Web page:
[an error occurred while processing this directive]
BBC News
watch One-Minute World News
Languages
Last Updated: Wednesday, 21 July, 2004, 09:45 GMT 10:45 UK
Death threats after tiger is shot
Jorge Piono of the Florida Fish and Wildlife Commission
The agency's officials have received hundreds of angry e-mails and calls
Wildlife agency officials in Florida have been advised to avoid wearing their uniforms after a series of death threats over the shooting of a tiger.

An officer from the Fish and Wildlife Conservation Commission killed the tiger last week after it escaped from a home owned by a one-time Tarzan actor.

The agency said Bobo, a 600-pound (270-kg) tiger, had lunged at the officer during the hunt.

It said it had received at least five death threats since the killing.

'Hanging from a tree'

Agency spokesman Willie Puz said the threats included a call from a woman who demanded his hanging.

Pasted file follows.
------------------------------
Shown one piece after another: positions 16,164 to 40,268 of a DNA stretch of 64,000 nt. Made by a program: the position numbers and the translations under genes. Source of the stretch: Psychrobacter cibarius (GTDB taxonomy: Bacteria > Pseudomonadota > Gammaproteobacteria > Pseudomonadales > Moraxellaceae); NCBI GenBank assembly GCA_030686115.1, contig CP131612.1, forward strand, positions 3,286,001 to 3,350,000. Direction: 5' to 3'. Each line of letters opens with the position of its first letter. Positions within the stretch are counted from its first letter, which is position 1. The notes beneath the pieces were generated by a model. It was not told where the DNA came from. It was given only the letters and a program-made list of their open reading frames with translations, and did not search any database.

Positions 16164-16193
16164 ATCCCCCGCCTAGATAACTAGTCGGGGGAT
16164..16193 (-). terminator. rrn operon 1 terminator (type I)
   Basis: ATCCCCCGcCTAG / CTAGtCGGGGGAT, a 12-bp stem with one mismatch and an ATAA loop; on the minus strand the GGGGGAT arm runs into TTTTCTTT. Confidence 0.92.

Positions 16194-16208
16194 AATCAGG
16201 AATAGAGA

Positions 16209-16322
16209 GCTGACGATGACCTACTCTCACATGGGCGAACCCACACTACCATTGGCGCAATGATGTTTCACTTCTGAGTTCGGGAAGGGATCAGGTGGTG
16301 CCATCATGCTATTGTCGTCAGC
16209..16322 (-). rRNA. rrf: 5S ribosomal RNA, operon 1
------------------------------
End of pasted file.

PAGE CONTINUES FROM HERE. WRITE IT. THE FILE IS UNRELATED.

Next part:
"She said someone should shoot you for defending the officer and lying to the public [and] that I should be hanging from a tree," Mr Puz was quoted as saying by the Associated Press news agency.

Rodney Barreto, chairman of the FWCC, said earlier that the danger posed by the tiger had been very real:

"Our officer was face to face with a instinct-driven predator that hadn't eaten in at least 26 hours and was on the run."

According to the agency's directive, while armed officers must stay in uniform, other field staff - from fishery experts to scientists - should wear street clothes as a precaution following the public outcry over the killing.

Tiger owner Steven Sipek - who played Tarzan in two films in 1969 and 1972 - has insisted that Bobo was a tame pet posing no threat.


SEE ALSO:
'Tarzan's tiger' shot in Florida
14 Jul 04 |  Americas


RELATED INTERNET LINKS:
The BBC is not responsible for the content of external internet sites


PRODUCTS AND SERVICES

News Front Page | Africa | Americas | Asia-Pacific | Europe | Middle East | South Asia
UK | Business | Entertainment | Science/Nature | Technology | Health
Have Your Say | In Pictures | Week at a Glance | Country Profiles | In Depth | Programmes
Americas Africa Europe Middle East South Asia Asia Pacific